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Persistent issues with V2 superchargers

Saabstory88

Member
Dec 31, 2018
101
120
Midwest
Over the past months I have been dealing with a steadily escalating number of incidents with V2 superchargers. Firstly I want to say that I have had 3 different Tesla's over the past several, and am quite familiar with each cars charging curve, and the dynamics of supercharger stalls both in shared and dedicated configurations. I know what to expect at what state of charge and in which weather conditions. I also drive the same or similar long distance routes for work, about 1500-2000 miles a month, so I am familiar with the foibles of specific bad performing superchargers, and which ones should be reliable. Service has already completed diagnostics on my vehicle and determined that the car is not requesting throttling, and that with my current pack health and usage I should be seeing full speeds. I also want to say that my cars performance at V3's is completely as expected every single time, I have had zero lifetime poor charging sessions at these stations. My old 100D still get's almost 190kw peak. I also have not had occasion to test our new 2021 model 3 to see if the problem can be reproduced, as the vision speed limiter / auto-high-beam combo has made it uninviting for long trips.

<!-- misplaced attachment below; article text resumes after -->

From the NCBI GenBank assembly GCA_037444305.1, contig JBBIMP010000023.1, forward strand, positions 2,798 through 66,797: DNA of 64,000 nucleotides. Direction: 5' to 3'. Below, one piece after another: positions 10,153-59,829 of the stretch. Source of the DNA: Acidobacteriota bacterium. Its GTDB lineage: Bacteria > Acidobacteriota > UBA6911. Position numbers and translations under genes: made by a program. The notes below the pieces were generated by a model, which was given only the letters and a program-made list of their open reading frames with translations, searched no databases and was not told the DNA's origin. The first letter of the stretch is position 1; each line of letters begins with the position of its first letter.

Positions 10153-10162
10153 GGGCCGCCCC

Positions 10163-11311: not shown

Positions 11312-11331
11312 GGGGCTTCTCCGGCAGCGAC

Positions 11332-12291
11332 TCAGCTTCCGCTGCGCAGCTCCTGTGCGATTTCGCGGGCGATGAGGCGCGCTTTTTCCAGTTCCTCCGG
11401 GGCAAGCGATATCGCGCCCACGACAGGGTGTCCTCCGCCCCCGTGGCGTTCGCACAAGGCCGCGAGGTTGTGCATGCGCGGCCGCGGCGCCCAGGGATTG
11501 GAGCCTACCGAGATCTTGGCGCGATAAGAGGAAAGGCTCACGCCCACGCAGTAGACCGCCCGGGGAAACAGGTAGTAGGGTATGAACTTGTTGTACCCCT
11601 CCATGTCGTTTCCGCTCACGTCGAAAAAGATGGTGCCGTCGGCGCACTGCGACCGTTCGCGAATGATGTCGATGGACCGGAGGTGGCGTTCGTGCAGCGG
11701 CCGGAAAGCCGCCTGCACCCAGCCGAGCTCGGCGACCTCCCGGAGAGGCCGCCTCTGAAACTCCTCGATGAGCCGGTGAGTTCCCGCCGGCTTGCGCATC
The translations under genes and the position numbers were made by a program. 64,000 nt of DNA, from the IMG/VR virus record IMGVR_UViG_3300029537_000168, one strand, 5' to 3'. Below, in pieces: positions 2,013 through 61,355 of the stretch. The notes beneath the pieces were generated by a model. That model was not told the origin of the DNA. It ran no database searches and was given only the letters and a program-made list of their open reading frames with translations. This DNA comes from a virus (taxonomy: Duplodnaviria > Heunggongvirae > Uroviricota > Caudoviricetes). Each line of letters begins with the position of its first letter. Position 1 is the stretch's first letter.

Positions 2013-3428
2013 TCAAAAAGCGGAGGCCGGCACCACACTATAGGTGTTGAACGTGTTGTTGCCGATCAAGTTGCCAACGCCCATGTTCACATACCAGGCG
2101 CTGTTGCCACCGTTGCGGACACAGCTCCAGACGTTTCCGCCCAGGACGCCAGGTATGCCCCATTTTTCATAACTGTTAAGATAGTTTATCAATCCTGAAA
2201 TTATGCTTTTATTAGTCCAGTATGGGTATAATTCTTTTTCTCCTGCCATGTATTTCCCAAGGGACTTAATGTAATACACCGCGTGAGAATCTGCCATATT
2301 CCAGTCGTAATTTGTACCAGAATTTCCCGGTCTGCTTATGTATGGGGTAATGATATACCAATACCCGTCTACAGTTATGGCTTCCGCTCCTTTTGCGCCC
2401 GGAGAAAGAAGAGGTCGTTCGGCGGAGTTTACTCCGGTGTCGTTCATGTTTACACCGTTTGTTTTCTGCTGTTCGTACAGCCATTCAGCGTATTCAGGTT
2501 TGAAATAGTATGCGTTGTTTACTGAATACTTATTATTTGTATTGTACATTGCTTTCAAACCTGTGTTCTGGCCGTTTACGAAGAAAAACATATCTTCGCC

I have had this trouble at completely empty stations, no other cars present. When I pull into a station and first plug, charging starts in a normal amount of time, and it ramps up to about 84kw immediately. In a normal session it will then proceed on all the way up to about 145kw. However during these trouble sessions, the time remaining to my charge target will be double what I expect right from the moment I plug in the vehicle. It will spend a couple moments at ~84 kw, and then either settle to 72kw or 60kw for the rest of the session. If I unplug and re-plug, sometimes it will jump up to 145kw for less than 30s before dropping back to 72kw or below. I used to be able to find 1 or 2 stalls in a station where I was able to get full speeds, sometimes having to try all of them, but as of this weekend I have been unable to get over 72kw on at least three different V2's in my region. I am going to a different part of the midwest later this week, and on the one hand, would like to take my 100D to see what rates I get, on the other hand, don't want to add an extra hour to my trip. Fast charging > 80mph vision cap. Unfortunately there are no V3's on my route this week, otherwise it would be a non-issue.